Thursday, December 18, 2014

The Girl With the Million Dollar Legs

The most famous pin-up of all time.


All right, she lacked the dramatic chops of a Bette Davis.  Ginger Rodgers or Eleanor Powell could out dance her.  Judy Garland and half the thrushes in Hollywood were better singers.  She worked in one, maybe two really great pictures and a slew of colorful but so-so musicals.  But for 15 years Betty Grable was, in the words of Garson Kanin, This Year’s Blonde at 20th Century Fox sandwiched in between the one she replaced—Alice Faye—and the one who eclipsed her—Marilyn Monroe.  And over all those years the American public adored her.  Even more amazingly, so did her co-stars and rivals.
She was born Elizabeth Ruth Grable on December 18, 1916 in St. Louis, Missouri to a middle class couple, John and Lillian Grable.  Her mother was stage struck and lived out her dreams through her youngest daughter, who she enrolled in Clark's Dancing School at the age of three over the next few years she studied—and excelled at both tap and ballet.  When Betty was 12 years old in the tradition of other stage mothers—Jean Harlow’s being the prototype—Lillian abandoned her father and headed to Hollywood.
It was 1929 and still the dawn of the talkies.  Musicals were all the rage.  Lying about here daughter’s age Lillian quickly got her daughter a part in the chorus of Fox’s all star extravaganza Happy Days, best remembered as the first feature film shot entirely in a in a wide-screen format, the studio’s new Grandure screen.  The Stock Market Crash meant that outside of New York City theaters could not afford to invest in new projection equipment and screens causing William Fox to lose control of his company which was then merged with rival 20th Century Pictures.  Young Betty appeared in a blackface number.
With her first studio kaput, Lillian decided to join the rush to peroxide, bleaching her daughter’s hair platinum blonde a la Jean Harlow.  Half of the girls in town were making the same transformation.  But it worked.  Betty got a contract at the Samuel Goldwin Company as one of the famous Goldwin Girls.  In Eddy Cantor’s big musical Whoopee! the budding chorine attracted enough notice to be made the first face in the opening number, Cowboys.  Soon after the film’s 1930 release the studio discovered her mother’s age deception and Betty’s contract was canceled.

As a 14 year old Goldwyn Girl.
Over the next couple of years she found occasional work at various studios in uncredited walk-ons or in the chorus.  In 1932 she got a break of sorts and signed a contract with RKO.  For the most part the roles were no bigger, but the work was steady.  In the classic Fred Astaire and Ginger Rogers 1934 film The Gay Divorcee 17 year old Betty was prominently featured in the number Let’s K-nock K-nees.  Small speaking roles also began to come her way, finally getting 7th billing in the Frank Morgan comedy vehicle By Your Leave.  But Grable did not seem to be making headway at the studio.  She was also used in a string of theatrical shorts.
Grable’s contract at RKO was allowed to lapse, but she was quickly snapped up at Paramount where her fortunes improved.  The vivacious young blonde was perfect for the lead in one of the studio’s bread-and-butter specialties—low budget college comedies.  She got star billing in a parade of them in the late 30’s—including Pigskin Parade in 1936, This Way Please in 1937, College Swing  in 1939, and Man About Town 1939.  While working at Paramount, Gable married former child star Jackie Coogan in 1937.  The studio took advantage of the publicity to pair them in Million Dollar Legs, a film whose only claim to fame was giving its star her nick name.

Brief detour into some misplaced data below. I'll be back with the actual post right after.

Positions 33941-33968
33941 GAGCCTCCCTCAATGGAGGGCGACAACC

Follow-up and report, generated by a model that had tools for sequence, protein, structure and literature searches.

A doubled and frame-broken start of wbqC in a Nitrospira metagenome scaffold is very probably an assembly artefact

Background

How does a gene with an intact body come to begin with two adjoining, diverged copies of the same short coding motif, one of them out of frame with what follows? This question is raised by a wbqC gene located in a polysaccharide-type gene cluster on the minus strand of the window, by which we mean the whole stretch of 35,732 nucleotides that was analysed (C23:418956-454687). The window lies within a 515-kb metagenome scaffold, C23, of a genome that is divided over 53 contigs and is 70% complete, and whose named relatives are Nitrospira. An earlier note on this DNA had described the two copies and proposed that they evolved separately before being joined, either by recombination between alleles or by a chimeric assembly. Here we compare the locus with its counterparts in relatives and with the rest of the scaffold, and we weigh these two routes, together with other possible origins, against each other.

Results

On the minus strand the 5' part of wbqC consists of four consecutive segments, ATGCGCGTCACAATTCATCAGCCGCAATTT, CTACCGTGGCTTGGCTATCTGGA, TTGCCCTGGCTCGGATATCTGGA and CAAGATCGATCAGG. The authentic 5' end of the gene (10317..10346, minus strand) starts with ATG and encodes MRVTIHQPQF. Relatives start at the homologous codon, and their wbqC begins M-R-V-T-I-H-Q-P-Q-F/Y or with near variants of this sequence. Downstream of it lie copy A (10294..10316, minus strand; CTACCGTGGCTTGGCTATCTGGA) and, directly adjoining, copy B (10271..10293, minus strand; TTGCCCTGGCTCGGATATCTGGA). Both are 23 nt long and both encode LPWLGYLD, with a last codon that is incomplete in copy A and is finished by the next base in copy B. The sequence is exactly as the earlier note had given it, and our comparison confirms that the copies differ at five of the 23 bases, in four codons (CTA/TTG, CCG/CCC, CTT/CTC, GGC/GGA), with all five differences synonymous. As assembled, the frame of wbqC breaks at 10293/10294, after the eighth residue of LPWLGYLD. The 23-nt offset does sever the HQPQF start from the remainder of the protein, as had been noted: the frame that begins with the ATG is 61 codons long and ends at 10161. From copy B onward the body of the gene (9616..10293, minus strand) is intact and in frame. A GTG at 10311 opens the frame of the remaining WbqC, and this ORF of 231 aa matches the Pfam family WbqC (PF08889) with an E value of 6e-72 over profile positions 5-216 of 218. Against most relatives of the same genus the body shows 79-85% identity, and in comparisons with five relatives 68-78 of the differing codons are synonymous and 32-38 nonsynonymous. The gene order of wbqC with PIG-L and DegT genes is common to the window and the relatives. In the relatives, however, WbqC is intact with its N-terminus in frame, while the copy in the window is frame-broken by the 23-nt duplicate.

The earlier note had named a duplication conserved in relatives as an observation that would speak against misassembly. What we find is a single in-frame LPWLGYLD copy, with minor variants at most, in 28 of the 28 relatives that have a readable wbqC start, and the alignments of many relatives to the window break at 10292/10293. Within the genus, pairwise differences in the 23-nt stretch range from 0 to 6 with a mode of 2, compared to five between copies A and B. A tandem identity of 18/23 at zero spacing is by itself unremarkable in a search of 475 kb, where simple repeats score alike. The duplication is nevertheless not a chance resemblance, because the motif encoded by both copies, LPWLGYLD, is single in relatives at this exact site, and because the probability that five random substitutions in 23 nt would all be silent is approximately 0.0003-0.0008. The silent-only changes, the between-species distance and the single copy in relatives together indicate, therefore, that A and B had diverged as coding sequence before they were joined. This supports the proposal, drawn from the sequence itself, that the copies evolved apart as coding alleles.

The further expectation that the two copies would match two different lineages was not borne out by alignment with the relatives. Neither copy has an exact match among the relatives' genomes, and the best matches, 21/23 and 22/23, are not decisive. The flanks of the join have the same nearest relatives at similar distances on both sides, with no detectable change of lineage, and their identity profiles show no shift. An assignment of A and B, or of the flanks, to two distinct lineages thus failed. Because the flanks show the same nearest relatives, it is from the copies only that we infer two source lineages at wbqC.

During their marriage Coogan was going through his historic and epic legal battle with his parents over the fortune he had made as a child star and which they absconded with.  It was a bitter and emotionally draining experience and took a toll on the marriage.  The couple divorced in 1940.
It looked like Grable’s movie career might be over, too.  She was so tired of playing coeds in interchangeable pictures that she walked out on her Paramount contract in 1939.  She was sure she would never work in pictures again—and was just fine with it.  Being a movie star had been her mother’s dream, not hers.  So she headed to New York City where she was cast as the ingĂ©nue in the Cole Porter musical DuBerry Was a Lady starring Burt Lahr and the leather-lunged Porter favorite Ethyl Merman.  Grable’s singing and dancing were a revelation and she walked away with better notices than the leads.
Her success caught the attention of Darryl Zanuck, head of 20th Century Fox who was in a jamb.  His studio’s biggest star, Alice Faye, fell ill on the eve of the start of shooting on what was to be the studios major musical of the year—a movie that was being made at the express request of the White House, no less.  Down Argentine Way was to be the first of many Fox films made to implement the film industry-wide Good Neighbor Policy toward Latin America at the behest of the administration which was worried about German influence in the hemisphere.  One of Zanuck’s hottest male stars, Faye’s frequent partner Don Ameche had been cast in the lead and Brazilian bombshell Carmen Miranda was signed for her first American film.  It was slated to be shot in glorious Technicolor with a big budget.  Time was money.  He could not wait for Faye to recover.  He rolled the dice and signed Grable for the part.
11 years after she first set foot on a Fox soundstage as a black-face chorus girl 24 year old Gable was back at the studios successor as a star.  Like most Fox musicals, the plot was paper thin—Ameche played the son of a wealthy Argentine horse breeder who falls in love with an American heiress to whom he could not sell a champion horse because of his father’s feud with the girl’s family.  He returned to Argentina, she followed, father disowned son for associating with her, son saved father’s ranch by secretly riding in a big race.  All was forgiven.  All of this interspersed with lively musical numbers.  It was the Fox formula for barely disguising revues with silly romance plots.  But the public loved it—and Grable who practically jumped off the screen with her sheer joy of performing.  She got rave notices.  The movie was Fox’s top grossing film of 1940 and Grable catapulted overnight to be the studio’s greatest asset.